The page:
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Prove that if a and b are relatively prime, then
$$\sum_{n=1}^{a-1} \left\lfloor \frac{nb}{a}\right\rfloor = \frac{(a - 1)(b - 1)}{2}$$

My attempt was:
We have: $$\sum_{i=1}^{n-1} i = \frac{n(n - 1)}{2}$$

Then, $$\sum_{n=1}^{a-1} \left\lfloor \frac{nb}{a}\right\rfloor = \left\lfloor \frac{a(a - 1)b}{2a}\right\rfloor$$

Could I apply the summation formula for floor function like above? Am I in the right track?


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@kahen: Thanks for the edit. – Chan Feb 28 '11 at 7:08
up vote 5 down vote accepted

No, that doesn't work - it's just not true, since in general $\lfloor x + y \rfloor \neq \lfloor x \rfloor + \lfloor y \rfloor$, e.g. try $x=y=0.6$.

We have the general formula $$\left\lfloor \frac{x}{y} \right\rfloor = \frac{x-(x \mod{y})}{y}.$$ You can calculate the same using this formula.

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Many thanks. I will try this formula ;) – Chan Feb 28 '11 at 6:53

Notice for each $n$ $$\left\lfloor\frac{nb}{a}\right\rfloor=\frac{nb}{a}-\frac{r_n}{a}$$ where $r_n\equiv nb \pmod a$ and $0\leq r_n< a$.

Then since $a$ and $b$ are relatively prime, $nb\equiv mb \pmod a$ implies $n\equiv m \pmod a$ so that we conclude each remainder $r_n$ is unique. But, we know $r_n\in \{1,2,\dots,a-1\}$ for each $n$, and since there are $a-1$ different values for $n$ we see that $r_n$ takes on each of these values. Hence $$\sum_{i=1}^{a-1}r_i=\sum_{i=1}^{a-1}i=\frac{a(a-1)}{2}.$$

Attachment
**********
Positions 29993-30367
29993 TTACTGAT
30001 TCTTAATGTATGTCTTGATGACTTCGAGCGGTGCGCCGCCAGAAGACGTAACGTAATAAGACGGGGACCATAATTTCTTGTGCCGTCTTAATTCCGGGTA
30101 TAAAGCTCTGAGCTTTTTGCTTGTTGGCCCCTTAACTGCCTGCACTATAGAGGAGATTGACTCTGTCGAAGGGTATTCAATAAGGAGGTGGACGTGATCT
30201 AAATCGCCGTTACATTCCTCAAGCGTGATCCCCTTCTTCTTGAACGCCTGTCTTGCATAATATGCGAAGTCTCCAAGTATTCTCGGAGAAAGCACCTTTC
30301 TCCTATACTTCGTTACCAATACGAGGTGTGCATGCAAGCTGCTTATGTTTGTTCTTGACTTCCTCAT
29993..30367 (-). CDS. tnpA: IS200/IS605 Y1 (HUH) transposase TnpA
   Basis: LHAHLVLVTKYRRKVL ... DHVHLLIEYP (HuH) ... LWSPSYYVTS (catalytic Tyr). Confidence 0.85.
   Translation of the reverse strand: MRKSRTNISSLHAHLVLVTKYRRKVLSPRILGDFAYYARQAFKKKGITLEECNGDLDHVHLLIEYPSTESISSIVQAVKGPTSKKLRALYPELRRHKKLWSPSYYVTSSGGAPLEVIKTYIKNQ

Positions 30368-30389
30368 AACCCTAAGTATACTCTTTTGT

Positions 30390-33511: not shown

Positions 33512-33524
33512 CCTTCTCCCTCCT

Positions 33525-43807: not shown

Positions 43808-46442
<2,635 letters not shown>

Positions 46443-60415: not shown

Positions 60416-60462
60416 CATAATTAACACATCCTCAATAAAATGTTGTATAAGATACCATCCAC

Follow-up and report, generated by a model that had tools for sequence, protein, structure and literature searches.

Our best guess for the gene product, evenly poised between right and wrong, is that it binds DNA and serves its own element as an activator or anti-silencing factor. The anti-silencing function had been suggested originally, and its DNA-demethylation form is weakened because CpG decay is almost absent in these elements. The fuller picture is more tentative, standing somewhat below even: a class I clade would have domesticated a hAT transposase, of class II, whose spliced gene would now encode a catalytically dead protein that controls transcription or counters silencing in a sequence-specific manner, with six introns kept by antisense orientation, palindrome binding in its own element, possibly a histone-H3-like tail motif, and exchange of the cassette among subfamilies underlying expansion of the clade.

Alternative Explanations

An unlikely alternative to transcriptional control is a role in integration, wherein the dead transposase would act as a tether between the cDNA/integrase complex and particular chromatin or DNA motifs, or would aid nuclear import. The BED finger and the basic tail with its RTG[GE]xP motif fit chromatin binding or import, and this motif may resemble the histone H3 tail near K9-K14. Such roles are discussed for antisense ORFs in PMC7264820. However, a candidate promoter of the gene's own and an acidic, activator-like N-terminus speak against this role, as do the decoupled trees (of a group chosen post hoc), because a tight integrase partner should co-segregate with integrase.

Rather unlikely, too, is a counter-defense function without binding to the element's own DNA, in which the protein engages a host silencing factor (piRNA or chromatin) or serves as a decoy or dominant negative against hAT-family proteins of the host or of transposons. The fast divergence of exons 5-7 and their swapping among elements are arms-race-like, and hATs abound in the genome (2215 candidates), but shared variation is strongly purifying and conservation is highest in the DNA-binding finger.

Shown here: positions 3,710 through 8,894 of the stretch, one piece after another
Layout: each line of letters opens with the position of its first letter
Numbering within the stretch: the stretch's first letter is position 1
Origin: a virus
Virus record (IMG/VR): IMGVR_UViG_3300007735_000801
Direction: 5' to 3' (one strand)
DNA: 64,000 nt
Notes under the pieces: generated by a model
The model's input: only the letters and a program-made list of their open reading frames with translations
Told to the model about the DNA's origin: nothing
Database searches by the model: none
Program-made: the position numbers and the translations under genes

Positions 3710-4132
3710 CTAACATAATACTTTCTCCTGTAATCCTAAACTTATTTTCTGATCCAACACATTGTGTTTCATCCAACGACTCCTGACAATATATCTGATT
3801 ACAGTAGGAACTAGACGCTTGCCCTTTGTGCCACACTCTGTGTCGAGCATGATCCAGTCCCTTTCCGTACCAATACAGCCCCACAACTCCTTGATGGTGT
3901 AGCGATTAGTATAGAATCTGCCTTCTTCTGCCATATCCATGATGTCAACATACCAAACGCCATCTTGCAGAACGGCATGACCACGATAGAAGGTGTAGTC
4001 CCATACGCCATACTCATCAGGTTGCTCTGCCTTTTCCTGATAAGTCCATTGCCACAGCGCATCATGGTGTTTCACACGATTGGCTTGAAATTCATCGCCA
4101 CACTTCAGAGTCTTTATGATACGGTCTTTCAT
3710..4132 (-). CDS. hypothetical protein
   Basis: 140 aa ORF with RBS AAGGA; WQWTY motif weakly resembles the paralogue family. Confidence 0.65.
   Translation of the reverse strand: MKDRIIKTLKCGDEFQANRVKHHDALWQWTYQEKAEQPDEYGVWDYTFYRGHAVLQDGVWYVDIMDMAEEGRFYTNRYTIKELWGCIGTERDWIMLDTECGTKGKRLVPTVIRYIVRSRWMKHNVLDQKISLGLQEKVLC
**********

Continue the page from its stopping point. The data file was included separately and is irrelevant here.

Then our original sum is $$\sum_{n=1}^{a-1} \left\lfloor \frac{nb}{a}\right\rfloor = \sum_{n=1}^{a-1} \frac{nb}{a}-\sum_{n=1}^{a-1}\frac{r_n}{a}=\frac{a(a - 1)b}{2a}-\frac{a(a-1)}{2a}=\frac{(a - 1)(b-1)}{2}$$ as desired.

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I think Chan was looking for hints rather than a complete solution. – Yuval Filmus Feb 28 '11 at 7:41
@Yuval: That is probably true, especially since he accepted your answer. I couldn't think of any good way to hint towards this. – Eric Naslund Feb 28 '11 at 15:55

A different Hint:

Consider a square of side $ab$, with one corner at $(0,0)$ and the opposite corner at $(ab, ab)$. Draw the vertical lines $x = b$, $x=2b$ etc and the horizontal lines $y = a$, $y = 2a$ etc. Now try to count in two different ways, the number of intersection points of these lines, which lie on or below the diagonal of the square.

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